If the product is already hot, the jar should be preheated as well to avoid thermal shock. The necessity, time, and temperature of preheating lids is subjective here depending on Plastisol type, fill temperature and process time; again, consult your process authority. The standard Plastisol lids are compatible with shorter water bath processing (such as hot-pack jams/jellies). Longer water bath process times may require the Hi-Heat Plastisol.
It is important to follow the guidelines for your particular food as they can vary greatly.

For Pressure Canning:

Whether contents are raw or cooked, the jar should be preheated to avoid thermal shock. The need for preheating of lids is subjective as the heat created in the pressure canner will be sufficient to soften the plastisol and the temperatures in the canner are sufficient for any microorganisms present on the lid. It is important for these jars to vent properly, so be careful to not over-tighten.

  • Suggested lid: Hi-Heat 1-Piece OR 2-Piece

REMEMBER: There are many variables that may impact your sealing rate. Whenever a process is performed by hand, there are variations. Here are a few things to consider as you preserve…whether you are starting out, or trying your hand at a new process, new foods or a different style of lid or jar.

  • JAR QUALITY: Are your jar rims clean & smooth, crack-free and food safe?
  • CONTENTS: Some foods contain more air than others; especially whole foods. It is important to follow guidelines for minimizing the “extra” air (trapped in foods OR bubbles from filling). Be sure you are heeding any specific guidelines for those particular foods.
  • TEMPERATURES: Abide by temperature guidelines (for filling and/or water bathing) and make adjustments for altitude as needed.
  • PRE-HEATING: Does your process recommend preheating of jars and/or lids?
  • HEADSPACE: Have you allowed enough headspace for the proper expansion, clean venting and sufficient vacuum?
  • PROPER LID: Are you using the recommended lid for your process?
  • TIGHTNESS of LIDS: Only finger tighten…if your lids are too tight, they will not vent properly! Sometimes you will see the metal buckle (obvious failure) or sometimes the seal is compromised…which you may not see, but still causes seal failure.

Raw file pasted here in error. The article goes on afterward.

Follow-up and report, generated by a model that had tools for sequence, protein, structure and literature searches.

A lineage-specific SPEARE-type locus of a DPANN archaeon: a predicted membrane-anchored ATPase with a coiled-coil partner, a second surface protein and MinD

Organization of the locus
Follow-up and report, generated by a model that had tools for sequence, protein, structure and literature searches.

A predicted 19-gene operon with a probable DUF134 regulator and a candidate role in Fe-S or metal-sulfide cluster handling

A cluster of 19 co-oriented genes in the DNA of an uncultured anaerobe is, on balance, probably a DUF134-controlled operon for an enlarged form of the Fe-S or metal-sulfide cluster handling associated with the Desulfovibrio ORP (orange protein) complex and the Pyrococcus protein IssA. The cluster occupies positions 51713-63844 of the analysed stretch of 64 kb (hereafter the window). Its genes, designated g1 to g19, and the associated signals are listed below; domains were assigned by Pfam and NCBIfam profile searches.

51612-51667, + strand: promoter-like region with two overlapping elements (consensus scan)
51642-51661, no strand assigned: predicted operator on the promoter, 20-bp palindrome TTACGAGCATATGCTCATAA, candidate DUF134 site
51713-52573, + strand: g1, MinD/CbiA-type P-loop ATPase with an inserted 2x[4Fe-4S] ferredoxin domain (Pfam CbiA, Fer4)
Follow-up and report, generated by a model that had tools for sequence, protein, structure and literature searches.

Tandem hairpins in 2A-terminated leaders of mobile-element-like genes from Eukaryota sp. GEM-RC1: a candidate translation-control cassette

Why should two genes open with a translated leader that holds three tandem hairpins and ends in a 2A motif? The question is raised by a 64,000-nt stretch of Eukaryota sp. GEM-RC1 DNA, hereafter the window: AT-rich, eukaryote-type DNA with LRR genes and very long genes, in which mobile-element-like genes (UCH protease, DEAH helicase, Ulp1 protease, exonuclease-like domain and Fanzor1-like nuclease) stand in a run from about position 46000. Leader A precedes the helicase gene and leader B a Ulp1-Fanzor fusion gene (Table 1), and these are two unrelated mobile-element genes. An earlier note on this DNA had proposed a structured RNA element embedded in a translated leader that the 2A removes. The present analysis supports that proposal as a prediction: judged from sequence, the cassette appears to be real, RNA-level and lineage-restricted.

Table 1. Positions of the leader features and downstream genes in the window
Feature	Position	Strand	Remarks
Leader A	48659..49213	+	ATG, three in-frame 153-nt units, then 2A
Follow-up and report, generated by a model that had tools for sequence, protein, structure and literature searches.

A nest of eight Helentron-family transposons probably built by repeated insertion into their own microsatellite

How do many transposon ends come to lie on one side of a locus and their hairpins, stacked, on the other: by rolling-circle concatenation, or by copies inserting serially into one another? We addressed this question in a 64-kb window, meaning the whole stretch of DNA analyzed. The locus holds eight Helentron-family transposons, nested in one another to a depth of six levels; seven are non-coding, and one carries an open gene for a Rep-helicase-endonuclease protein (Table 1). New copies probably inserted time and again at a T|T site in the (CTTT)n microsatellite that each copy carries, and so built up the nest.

Compatibility of jars and closures with product and process is the responsibility of the user. Please consult your process authority and test packaging components for suitability.

Post a Comment

Leave a Reply to Keri Cancel reply

31 Comments
  1. Georgann Ganas Posted September 10, 2013 at 11:55 am | Permalink

    I just used the hi heat one piece lids for the first time. I love the look of them and I think people will find it is easier when I gift my canned goods. I was very hesitant about tightening the lids too much for processing. I only had one jar that didn’t seal, but again, I think it was my fear to make it too tight. (Or it could have been any number of things.) When I ordered mine, I had to get white and I can’t wait until I use them up (I ordered 250 that day- sharing the wealth with other canners) to get some silver. Love these lids!

    • lisa Posted September 10, 2013 at 6:06 pm | Permalink

      Ahh, yes the silver ones do look pretty sharp! But more importantly, I’m glad that you had good success with them. Where you water bathing or pressure canning?

  2. jp Posted March 15, 2014 at 9:35 am | Permalink

    I see mention of a 2 piece lid but can’t find it on your website – do you sell them? if no, recommend a good source for pallet purchase? thanks